From: Dale Johnstone (DaleJohnstone@email.com)
Date: Tue Mar 13 2001 - 06:19:33 MST
James Rogers wrote:
>On 3/12/01 8:22 PM, "Dale Johnstone" <DaleJohnstone@email.com> wrote:
>> I'm not sure how useful a graphics processor would be for general AI
>> work, but I suspect it's possible to implement some kind of neural
>> style processing with judicious use of texture compositing hardware
>> combination with the z-buffer (or stencil buffer).
>In any case, it is largely irrelevant, as memory size/speed is far
more of a
>limitation on general AI than instructions per second (not strictly
>you are trying to map biological models onto silicon, but I don't
>that to be efficient anyway). So I don't see this chip as any
>breakthrough as far as AI is concerned.
Actually I think getting the design right is *far* more important.
>> Ben: Have you thought about compressing your data before paging to/
>> disk? And why use Java anyway? Nice language to work with, but it
>> goats in the memory use department... :)
>Perhaps because minor linear improvements in memory speed and
>don't justify the programming effort when the need is for
>larger memory? No point in wasting the effort; one might as well wait
>the hardware to catch up because you'll get there about the same time
>almost the same amount of money.
So you're saying that (A) memory size/speed is more of a bottleneck to
AI than processor time, and (B) it's not worth doing anything about
because in a few years time we'll have that anyway?
Well, you could decide to just go on holiday and just wait for things
to eventually happen all by themselves! I would prefer to do something
about it now and get next years performance today if it's at all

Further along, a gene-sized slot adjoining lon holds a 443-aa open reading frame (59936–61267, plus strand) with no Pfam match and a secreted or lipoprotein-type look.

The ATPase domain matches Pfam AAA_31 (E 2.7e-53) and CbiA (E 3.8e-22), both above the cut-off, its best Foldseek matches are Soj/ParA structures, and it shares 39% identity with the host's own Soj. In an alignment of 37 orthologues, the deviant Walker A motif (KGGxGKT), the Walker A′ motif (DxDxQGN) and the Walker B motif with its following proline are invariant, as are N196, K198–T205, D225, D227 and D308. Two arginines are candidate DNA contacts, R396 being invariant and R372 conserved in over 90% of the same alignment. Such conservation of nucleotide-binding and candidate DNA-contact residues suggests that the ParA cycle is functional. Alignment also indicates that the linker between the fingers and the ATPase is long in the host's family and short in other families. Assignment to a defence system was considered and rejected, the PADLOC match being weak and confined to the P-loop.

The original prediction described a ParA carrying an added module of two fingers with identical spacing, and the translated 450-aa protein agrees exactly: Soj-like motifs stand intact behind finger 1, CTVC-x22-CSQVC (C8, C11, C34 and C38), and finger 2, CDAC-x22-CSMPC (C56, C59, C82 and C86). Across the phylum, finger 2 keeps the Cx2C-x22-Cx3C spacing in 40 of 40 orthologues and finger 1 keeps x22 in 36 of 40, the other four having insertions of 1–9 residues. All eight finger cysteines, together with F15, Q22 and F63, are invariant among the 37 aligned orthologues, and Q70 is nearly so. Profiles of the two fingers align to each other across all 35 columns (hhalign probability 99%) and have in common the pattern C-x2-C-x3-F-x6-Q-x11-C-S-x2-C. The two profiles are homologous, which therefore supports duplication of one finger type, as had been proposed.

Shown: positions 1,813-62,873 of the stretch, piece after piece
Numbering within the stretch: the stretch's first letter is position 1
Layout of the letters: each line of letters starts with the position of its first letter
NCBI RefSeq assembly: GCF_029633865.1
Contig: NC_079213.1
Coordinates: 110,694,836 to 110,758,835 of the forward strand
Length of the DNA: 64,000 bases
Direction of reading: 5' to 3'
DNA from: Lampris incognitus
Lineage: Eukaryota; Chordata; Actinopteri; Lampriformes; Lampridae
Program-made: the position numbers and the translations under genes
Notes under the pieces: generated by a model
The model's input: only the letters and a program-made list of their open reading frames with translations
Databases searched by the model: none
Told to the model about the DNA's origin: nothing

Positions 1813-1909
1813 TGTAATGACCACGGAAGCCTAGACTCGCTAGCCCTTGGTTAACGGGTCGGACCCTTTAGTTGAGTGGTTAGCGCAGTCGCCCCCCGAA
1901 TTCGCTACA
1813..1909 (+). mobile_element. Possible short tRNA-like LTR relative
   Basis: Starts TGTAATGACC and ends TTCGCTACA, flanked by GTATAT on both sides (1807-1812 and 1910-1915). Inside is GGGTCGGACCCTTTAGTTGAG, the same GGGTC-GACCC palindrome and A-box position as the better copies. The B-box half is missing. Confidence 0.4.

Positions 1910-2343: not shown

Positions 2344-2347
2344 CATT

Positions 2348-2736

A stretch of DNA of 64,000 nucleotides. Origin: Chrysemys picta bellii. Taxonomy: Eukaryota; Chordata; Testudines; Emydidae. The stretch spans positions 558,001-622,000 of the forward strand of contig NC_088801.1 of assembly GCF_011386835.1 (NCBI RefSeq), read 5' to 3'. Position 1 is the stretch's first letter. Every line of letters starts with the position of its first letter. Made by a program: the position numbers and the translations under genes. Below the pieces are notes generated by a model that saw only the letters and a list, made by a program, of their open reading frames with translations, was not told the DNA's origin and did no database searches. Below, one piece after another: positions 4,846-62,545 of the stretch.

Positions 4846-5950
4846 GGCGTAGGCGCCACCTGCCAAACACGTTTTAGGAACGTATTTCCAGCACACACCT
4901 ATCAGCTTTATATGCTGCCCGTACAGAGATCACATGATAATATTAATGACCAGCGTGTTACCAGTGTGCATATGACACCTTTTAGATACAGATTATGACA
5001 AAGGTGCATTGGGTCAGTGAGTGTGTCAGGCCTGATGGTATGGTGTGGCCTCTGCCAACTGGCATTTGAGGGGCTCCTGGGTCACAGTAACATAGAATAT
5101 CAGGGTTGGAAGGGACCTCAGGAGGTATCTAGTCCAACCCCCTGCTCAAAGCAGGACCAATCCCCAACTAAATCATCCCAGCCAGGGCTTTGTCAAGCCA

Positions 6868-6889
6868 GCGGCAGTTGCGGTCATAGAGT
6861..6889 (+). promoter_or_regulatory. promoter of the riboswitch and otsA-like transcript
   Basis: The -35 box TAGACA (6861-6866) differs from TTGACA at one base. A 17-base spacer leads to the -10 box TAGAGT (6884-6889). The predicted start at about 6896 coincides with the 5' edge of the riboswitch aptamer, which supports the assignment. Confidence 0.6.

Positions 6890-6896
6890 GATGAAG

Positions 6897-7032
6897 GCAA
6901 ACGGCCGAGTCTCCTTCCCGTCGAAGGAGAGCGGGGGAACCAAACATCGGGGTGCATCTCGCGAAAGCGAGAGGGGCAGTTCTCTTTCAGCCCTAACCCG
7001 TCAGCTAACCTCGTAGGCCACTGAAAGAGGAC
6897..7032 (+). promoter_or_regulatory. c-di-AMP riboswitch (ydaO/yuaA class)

possible. Waiting is a good strategy for catching a bus, not advancing
The time involved writing a compressor is nowhere near comparible to
waiting for hardware to improve. The first sounds like a weekends work,
the second is a multi-year wait. (BTW there's a zip library already
available in Java.)
Compressing the data *could* potentially give you worthwhile gains if
your app is heavy on disk access. Let's say your processor has to load
a large block of data (4 second), then process it (1 second), then save
it (4 second). Total time is 9 seconds.
Now if you could compress that data down to 1/4 of its original size,
the total time taken would be 1+1+1 = 3 seconds. That's 3 times faster.
(You're also 4 times more likely to find the data you want in the disk
cache, depending on access patterns.) Admittedly, if the access
patterns are nothing like that then you may not get much gain, but it's
certainly worth trying if they are.
I've used Java for memory demanding apps in the past and found it to be
a terrible memory hog, mainly because of it's poor garbage collection.
I found it didn't scale very well at all. It seems like an odd choice,
that's why I was asking.
BTW don't forget, this is in the context of AI - linear improvements
can lead to exponential returns. They don't call it a Singularity for
-- Dale Johnstone.
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